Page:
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In the spring of 2016 I was travelling in the Persian Gulf. In Abu Dhabi I decided, with some apprehension, to visit the Sheikh Zayed Grand Mosque. Opened in 2007, this mosque is advertised as one of the world’s biggest, with the largest central chandelier, the largest carpet, etc. I wondered if I might be confronted with a Disney theme park, a vulgar display of wealth by nouveau riche oil sheikhs. After all, oil was discovered in the United Arab Emirates (UAE) only a couple of generations ago. Prior to the discovery the locals eked out a precarious subsistence desert existence, while today many Emiratis are counted among the top 1 per cent on the globe.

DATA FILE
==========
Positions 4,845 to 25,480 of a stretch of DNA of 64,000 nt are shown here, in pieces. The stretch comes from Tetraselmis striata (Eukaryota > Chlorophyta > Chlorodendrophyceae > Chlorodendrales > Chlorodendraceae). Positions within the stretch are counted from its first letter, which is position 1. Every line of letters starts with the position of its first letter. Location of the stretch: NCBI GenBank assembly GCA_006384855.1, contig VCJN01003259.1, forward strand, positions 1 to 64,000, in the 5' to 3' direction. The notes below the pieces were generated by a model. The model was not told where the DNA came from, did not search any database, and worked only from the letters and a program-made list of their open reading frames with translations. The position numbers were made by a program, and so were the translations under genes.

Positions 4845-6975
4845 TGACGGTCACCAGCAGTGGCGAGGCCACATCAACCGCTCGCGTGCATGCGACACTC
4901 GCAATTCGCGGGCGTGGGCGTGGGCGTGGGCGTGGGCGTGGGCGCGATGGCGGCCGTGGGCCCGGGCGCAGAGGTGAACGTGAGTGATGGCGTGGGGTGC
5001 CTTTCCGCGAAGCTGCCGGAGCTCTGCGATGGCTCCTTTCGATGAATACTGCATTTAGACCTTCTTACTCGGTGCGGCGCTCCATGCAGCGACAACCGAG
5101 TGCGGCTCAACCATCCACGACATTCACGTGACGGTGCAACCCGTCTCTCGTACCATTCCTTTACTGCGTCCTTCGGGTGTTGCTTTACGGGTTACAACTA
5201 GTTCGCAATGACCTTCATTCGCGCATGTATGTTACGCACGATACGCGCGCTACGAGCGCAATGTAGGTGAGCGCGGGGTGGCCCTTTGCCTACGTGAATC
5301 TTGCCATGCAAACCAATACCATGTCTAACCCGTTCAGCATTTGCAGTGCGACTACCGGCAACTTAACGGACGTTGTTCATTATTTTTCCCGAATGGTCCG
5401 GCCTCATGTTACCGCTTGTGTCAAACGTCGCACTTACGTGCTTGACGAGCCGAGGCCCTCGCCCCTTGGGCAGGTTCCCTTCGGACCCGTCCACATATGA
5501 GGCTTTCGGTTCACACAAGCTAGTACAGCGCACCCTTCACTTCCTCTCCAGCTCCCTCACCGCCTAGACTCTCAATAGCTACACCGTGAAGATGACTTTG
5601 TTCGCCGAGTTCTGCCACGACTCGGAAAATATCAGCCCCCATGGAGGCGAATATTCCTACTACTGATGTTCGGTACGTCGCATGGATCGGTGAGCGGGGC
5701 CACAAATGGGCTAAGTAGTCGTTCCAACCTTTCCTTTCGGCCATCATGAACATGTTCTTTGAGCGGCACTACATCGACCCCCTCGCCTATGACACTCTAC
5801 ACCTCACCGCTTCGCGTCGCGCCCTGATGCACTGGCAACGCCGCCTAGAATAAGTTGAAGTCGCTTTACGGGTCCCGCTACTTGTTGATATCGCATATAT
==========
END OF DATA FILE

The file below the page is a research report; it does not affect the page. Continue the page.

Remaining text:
After I made my way across a vast parking lot under the brutal midday desert sun (record highs were being recorded across the Gulf) and past the checkpoint where women visitors were being scrutinized for appropriate head coverings and lengths of sleeves, I caught my first glimpse of glittering white domes and minarets. From a distance a bit like a Hollywood set for an Arabian Nights epic, but rather beautiful against the brilliant blue sky.
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